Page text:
This week, our two contenders for the box office crown are the Jason Bateman & Melissa McCarthy fraud comedy versus Steven Soderbergh’s final movie. I swear that at least by April, we’ll start to get some good movies released.
I knew I was going to have a problem with this movie when I first saw the trailer. Right in the middle of the dull trailer was a short commercial tie-in for LifeLock. I’m of the Fight Club generation, so I am completely put off when I see that kind of product placement aligned with a “hilarious” crime comedy.
Jason Bateman plays Michael Bluth who plays as Sandy Bigelow. His asexual name leaves him open for Melissa McCarthy to take his identity and spend thousands of dollars with credit cards she opens in his name. He is about to start his dream job and finally be able to support his family until it all comes crashing down because his credit has been destroyed and there are even drug charges tied to his name.
The police tell him that their hands are tied due to their jurisdiction, so they give him the strange advice to fly to Florida, pick up this strange criminal, and fly her back to Denver so they can clear his name. Seems like a ridiculous plot, no?
It is completely ridiculous. Once he finally tracks down Melissa McCarthy and forces her to join him back to Denver, they start a long, disaster-ridden road trip through the nation. To add to the nonsense, they are pursued by a bounty hunter and two murderous cartel members who have had prior dealings with Diana (McCarthy).
This is a very busy movie. We have all enjoyed Jason Bateman as the straight man throughout his career. He always deals with crazy people in common sense ways. But in this movie, the good guy persona starts to wear thin.
Melissa McCarthy is a very funny woman, as evidenced by her role in Bridesmaids. This movie shows that too much of her is just that, too much. She did have some great moments in this movie (at least 6 or 7). I found myself laughing much more than I hoped I would. It’s nice when there are clever jokes outside of the ones shown in the trailer. My main issue with McCarthy was the inclusion of heartfelt moments. There were times when this movie puts on the sympathy card pretty thick to make you feel terrible for this woman. I wish it had just remained an all-out comedy.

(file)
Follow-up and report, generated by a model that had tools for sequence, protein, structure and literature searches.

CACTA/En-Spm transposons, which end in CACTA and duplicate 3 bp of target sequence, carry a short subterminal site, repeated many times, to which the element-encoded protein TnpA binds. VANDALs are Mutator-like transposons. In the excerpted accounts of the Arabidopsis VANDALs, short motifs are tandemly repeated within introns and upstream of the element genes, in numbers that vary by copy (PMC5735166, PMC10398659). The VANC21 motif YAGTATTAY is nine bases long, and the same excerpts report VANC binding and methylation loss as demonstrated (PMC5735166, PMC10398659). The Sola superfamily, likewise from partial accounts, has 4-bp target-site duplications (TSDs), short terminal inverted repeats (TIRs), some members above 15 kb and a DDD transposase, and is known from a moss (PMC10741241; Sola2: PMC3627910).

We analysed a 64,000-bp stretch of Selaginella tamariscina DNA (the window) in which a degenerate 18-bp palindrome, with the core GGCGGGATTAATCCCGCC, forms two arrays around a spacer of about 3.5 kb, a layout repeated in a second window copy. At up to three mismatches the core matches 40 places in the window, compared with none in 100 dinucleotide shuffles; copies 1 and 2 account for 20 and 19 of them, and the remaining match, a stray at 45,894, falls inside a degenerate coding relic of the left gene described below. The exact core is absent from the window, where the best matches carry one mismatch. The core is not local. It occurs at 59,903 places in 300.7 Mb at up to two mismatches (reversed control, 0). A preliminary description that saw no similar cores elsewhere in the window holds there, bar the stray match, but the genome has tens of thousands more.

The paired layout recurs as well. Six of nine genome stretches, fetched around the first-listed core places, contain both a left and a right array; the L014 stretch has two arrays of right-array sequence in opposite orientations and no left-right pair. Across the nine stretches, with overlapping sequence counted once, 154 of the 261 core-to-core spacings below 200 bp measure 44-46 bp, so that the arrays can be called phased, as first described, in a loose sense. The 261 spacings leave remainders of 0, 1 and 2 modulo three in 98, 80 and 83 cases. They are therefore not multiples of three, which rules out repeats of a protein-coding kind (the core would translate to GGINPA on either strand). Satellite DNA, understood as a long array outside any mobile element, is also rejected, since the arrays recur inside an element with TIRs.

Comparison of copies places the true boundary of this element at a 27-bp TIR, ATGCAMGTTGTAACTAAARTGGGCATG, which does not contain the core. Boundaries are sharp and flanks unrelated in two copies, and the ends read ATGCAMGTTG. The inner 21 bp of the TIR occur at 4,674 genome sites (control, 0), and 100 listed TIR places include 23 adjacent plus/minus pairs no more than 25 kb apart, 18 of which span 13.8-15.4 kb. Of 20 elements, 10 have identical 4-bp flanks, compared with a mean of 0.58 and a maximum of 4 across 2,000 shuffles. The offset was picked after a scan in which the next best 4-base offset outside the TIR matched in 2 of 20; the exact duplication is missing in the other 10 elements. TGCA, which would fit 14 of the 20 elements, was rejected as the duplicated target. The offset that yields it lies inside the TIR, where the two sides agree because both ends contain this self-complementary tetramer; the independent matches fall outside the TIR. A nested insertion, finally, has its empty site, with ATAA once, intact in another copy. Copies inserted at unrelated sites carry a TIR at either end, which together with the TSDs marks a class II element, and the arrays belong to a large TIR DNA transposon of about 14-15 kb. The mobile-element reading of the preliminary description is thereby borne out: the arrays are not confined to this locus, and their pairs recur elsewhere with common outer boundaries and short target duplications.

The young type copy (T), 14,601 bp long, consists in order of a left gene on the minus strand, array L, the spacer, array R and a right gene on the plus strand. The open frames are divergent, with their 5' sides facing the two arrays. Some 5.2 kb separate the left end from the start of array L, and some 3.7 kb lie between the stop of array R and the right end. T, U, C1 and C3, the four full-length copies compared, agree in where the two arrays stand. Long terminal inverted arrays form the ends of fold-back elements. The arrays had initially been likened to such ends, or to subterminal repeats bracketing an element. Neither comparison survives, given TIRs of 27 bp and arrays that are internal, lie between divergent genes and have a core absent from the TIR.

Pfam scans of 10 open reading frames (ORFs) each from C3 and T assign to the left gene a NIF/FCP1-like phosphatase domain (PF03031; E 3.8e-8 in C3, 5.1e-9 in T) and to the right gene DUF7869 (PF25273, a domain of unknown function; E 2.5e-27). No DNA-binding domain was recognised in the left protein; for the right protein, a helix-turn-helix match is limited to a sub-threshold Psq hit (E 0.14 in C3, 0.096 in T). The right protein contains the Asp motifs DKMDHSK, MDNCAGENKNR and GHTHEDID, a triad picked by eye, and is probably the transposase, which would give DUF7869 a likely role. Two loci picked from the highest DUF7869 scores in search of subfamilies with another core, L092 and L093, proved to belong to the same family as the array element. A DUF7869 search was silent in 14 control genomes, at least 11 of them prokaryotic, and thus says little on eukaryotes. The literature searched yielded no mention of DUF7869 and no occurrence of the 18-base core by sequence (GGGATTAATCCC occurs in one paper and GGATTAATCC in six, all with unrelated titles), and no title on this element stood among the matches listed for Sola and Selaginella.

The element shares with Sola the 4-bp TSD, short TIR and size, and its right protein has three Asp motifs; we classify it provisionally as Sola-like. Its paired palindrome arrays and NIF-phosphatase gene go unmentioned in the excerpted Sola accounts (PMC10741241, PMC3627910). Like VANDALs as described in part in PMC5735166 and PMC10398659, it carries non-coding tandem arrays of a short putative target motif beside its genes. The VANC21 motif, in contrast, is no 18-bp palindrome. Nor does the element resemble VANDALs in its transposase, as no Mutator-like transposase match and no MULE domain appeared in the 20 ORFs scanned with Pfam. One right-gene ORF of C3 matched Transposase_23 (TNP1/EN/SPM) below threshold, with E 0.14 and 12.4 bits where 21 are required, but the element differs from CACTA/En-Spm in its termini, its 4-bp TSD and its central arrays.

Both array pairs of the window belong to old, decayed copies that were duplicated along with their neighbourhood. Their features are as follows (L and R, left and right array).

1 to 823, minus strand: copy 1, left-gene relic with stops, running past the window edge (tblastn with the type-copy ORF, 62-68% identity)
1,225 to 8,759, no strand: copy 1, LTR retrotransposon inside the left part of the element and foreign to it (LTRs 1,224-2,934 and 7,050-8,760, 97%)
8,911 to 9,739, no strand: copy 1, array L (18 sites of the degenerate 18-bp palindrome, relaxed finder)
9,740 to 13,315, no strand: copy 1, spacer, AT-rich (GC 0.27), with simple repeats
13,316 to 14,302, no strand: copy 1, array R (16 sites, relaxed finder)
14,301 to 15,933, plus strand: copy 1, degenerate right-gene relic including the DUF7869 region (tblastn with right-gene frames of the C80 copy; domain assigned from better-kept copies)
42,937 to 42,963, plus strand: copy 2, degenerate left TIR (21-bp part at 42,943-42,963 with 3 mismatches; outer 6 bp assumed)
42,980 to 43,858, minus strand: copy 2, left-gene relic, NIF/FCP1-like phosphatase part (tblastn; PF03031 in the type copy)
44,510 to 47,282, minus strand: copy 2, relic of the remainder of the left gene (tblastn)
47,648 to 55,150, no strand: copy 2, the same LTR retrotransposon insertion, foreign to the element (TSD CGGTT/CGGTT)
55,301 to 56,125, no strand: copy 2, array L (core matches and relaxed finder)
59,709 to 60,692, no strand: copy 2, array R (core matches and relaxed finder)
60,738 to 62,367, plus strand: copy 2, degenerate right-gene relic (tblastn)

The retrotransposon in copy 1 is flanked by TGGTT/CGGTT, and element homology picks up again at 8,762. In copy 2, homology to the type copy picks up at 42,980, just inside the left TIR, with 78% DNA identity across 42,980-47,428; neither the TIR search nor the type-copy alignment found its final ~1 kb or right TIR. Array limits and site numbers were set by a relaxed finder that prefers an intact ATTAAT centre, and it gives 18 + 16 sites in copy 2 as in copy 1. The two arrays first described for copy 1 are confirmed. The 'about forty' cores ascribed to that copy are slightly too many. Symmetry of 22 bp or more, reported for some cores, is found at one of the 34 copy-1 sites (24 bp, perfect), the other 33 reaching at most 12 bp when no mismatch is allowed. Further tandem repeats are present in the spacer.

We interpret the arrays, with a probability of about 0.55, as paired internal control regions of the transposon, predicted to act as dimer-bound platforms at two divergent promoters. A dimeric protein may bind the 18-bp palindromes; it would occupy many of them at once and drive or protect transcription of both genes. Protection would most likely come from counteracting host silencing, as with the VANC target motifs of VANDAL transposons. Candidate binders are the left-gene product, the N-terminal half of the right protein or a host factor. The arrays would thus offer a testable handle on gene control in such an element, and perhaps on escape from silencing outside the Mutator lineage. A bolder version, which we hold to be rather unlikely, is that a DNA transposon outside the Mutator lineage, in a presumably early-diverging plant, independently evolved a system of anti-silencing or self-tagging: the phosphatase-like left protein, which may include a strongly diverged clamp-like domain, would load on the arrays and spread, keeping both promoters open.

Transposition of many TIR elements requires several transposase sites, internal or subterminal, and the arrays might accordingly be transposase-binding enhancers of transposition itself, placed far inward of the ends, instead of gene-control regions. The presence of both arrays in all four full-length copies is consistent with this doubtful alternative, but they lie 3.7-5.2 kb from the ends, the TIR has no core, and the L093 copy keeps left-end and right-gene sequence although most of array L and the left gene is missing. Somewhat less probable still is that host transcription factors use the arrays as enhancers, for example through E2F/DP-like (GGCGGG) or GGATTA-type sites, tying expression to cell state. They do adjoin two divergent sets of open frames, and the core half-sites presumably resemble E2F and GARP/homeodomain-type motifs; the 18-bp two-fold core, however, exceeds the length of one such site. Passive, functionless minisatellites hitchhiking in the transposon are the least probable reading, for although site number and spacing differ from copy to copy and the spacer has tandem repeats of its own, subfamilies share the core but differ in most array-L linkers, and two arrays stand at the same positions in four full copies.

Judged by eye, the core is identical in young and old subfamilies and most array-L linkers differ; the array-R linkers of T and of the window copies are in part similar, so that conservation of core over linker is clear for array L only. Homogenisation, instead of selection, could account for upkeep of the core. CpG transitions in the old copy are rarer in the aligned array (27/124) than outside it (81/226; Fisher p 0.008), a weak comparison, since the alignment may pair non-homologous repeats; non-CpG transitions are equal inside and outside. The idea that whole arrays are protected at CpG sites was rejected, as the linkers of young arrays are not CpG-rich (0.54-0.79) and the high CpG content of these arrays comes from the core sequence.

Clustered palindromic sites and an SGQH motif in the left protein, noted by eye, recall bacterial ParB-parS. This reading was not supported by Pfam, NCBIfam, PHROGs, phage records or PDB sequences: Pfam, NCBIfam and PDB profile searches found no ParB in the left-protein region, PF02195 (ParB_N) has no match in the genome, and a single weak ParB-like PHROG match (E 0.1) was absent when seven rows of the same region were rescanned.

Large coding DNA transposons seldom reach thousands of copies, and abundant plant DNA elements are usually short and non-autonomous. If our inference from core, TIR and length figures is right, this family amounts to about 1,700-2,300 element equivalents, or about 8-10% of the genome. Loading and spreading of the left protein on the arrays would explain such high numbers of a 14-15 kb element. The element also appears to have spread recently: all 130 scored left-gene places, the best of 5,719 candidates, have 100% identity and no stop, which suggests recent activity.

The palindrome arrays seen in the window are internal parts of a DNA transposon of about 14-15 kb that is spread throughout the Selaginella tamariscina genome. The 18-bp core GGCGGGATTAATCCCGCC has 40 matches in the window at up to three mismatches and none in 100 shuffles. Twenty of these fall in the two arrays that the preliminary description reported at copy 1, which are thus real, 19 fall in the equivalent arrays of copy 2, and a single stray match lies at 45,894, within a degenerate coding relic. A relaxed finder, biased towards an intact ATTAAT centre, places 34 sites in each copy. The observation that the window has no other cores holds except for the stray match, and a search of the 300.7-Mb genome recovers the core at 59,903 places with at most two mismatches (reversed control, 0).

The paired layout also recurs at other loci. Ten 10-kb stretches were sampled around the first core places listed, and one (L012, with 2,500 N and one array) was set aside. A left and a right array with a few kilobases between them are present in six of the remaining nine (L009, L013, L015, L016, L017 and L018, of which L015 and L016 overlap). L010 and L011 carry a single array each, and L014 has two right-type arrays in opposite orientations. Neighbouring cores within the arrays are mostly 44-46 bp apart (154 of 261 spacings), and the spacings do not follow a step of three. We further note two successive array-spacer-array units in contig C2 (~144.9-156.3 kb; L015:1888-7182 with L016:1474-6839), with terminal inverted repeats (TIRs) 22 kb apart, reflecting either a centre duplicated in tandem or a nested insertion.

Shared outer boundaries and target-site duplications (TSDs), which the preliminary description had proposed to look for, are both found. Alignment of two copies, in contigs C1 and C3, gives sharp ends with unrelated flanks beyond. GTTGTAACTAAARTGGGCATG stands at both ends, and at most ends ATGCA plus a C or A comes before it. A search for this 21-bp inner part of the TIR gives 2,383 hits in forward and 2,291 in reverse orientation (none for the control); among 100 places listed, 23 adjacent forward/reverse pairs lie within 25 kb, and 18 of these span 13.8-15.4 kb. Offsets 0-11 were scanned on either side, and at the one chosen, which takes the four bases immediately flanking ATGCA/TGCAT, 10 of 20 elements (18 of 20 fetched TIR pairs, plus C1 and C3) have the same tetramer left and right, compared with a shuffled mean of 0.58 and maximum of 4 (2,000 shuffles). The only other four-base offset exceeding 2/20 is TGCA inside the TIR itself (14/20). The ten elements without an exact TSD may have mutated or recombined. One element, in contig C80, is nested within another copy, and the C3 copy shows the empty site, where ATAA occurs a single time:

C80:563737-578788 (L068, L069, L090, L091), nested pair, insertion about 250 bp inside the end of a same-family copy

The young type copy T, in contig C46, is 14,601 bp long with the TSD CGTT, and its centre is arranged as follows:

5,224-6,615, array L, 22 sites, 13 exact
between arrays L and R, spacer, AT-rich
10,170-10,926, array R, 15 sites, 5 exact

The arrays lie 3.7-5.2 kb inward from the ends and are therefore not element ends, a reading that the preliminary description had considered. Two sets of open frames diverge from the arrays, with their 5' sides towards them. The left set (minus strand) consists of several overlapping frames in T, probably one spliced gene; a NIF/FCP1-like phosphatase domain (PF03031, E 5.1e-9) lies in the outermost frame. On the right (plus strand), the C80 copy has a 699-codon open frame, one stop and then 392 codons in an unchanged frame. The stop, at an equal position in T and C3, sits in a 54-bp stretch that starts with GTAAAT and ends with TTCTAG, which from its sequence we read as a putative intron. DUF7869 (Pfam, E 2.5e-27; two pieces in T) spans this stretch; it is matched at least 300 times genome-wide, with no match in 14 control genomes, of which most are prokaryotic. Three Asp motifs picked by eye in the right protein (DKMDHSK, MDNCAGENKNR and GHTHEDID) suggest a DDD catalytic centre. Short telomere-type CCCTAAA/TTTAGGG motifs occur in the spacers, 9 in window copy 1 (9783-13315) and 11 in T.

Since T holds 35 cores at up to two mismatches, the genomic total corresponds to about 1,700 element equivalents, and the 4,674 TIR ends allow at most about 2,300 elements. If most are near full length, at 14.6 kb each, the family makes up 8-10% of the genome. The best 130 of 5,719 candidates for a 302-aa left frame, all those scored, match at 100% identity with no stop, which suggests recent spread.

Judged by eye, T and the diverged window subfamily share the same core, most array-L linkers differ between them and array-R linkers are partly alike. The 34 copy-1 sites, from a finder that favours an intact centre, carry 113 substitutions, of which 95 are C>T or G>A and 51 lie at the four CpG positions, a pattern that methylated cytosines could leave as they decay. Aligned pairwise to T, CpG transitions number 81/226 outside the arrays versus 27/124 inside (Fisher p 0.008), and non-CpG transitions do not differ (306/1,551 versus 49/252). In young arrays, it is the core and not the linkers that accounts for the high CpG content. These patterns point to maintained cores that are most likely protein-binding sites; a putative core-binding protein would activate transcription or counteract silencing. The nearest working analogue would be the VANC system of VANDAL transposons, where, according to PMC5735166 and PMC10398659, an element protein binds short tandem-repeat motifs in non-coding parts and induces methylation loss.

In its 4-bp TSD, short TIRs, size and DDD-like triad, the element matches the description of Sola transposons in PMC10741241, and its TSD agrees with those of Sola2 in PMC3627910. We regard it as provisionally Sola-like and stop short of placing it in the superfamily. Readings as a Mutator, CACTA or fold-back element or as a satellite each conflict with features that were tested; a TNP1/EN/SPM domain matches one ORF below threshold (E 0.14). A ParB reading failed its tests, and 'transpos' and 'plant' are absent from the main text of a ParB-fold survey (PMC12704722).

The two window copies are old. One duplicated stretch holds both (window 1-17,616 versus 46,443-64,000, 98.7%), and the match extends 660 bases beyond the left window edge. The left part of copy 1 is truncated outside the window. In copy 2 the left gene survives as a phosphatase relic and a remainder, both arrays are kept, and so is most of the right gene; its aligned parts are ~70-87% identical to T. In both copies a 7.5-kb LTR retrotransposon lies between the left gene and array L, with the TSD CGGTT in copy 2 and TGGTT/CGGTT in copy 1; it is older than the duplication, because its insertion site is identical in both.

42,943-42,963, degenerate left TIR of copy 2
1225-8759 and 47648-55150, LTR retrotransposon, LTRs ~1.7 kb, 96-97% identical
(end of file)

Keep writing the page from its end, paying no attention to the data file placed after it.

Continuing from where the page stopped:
If I were to compare this movie to any comedy, it would be to Horrible Bosses (with the absence of Charlie Day and hot Jennifer Aniston). Oddly enough, both movies are from the same director. There are laughs to be had, but it just becomes one of those “everything bad happens to the nice guy” movies. It’s a rental.
Let me get this out of the way. I really dislike Steven Soderbergh’s movies. I think he’s an overrated hack. I even went as far as to pre-emptively call this movie the 5th worst movie of 2013. It hurts to say this, and it doesn’t happen often, but I was wrong.
Rooney Mara (Girl with the Dragon Tattoo) plays a woman suffering from severe depression. Her husband (Channing Tatum) has just been released from prison, where he served a few years for committing insider trading. But his reappearance back into her life has turned her into an emotional wreck. She even crashes her car full on into a concrete wall of a parking garage. She is then admitted to a therapist’s (Jude Law) care and he has her try out a few different prescription meds. The crux of the movie happens when she commits a murder while under the influence of a pill called Ablixa.
It’s at this time that Jude Law becomes the focal point of the movie and he is under investigation and public scrutiny for prescribing unknown meds to her, which resulted in the murder. I don’t want to tell you much more than this because to do so would ruin any surprises or “fun” you have have while watching. There are a few slight twists. Your enjoyment of the movie will rely on whether you appreciate the final twist or not.
I thought it provided a satisfactory ending. Without ruining much, this movie did wrap up a little too neatly, but actually getting a concrete ending is a welcome surprise. There were plenty of unnecessary minor twists (involving Catherine Zeta Jones) that added nothing to the plot. Also Rooney Mara did what she does best, play sullen and gloomy. She and Tatum don’t have enough charisma between them to fill a teaspoon. (Is charisma a liquid now?) This movie rests solely on Jude Law. He does quite well. Without his performance, this movie would fit nicely on Lifetime Movie Network.
This is a straight up rental recommendation. Which is far better than what I thought it would be. I can’t recommend that anyone see this in the theater because the first hour is dreadfully slow. Yes, there are important cues that come into play for the twist, but it could have used a more interesting pace than the quicksand it is. Surprisingly, the final third of the movie saves it from being a skip it.
Identity Thief will win the battle of the box office. I can hardly get behind either one too much. I’d recommend either watching Warm Bodies or catching up on the Oscar nominated films.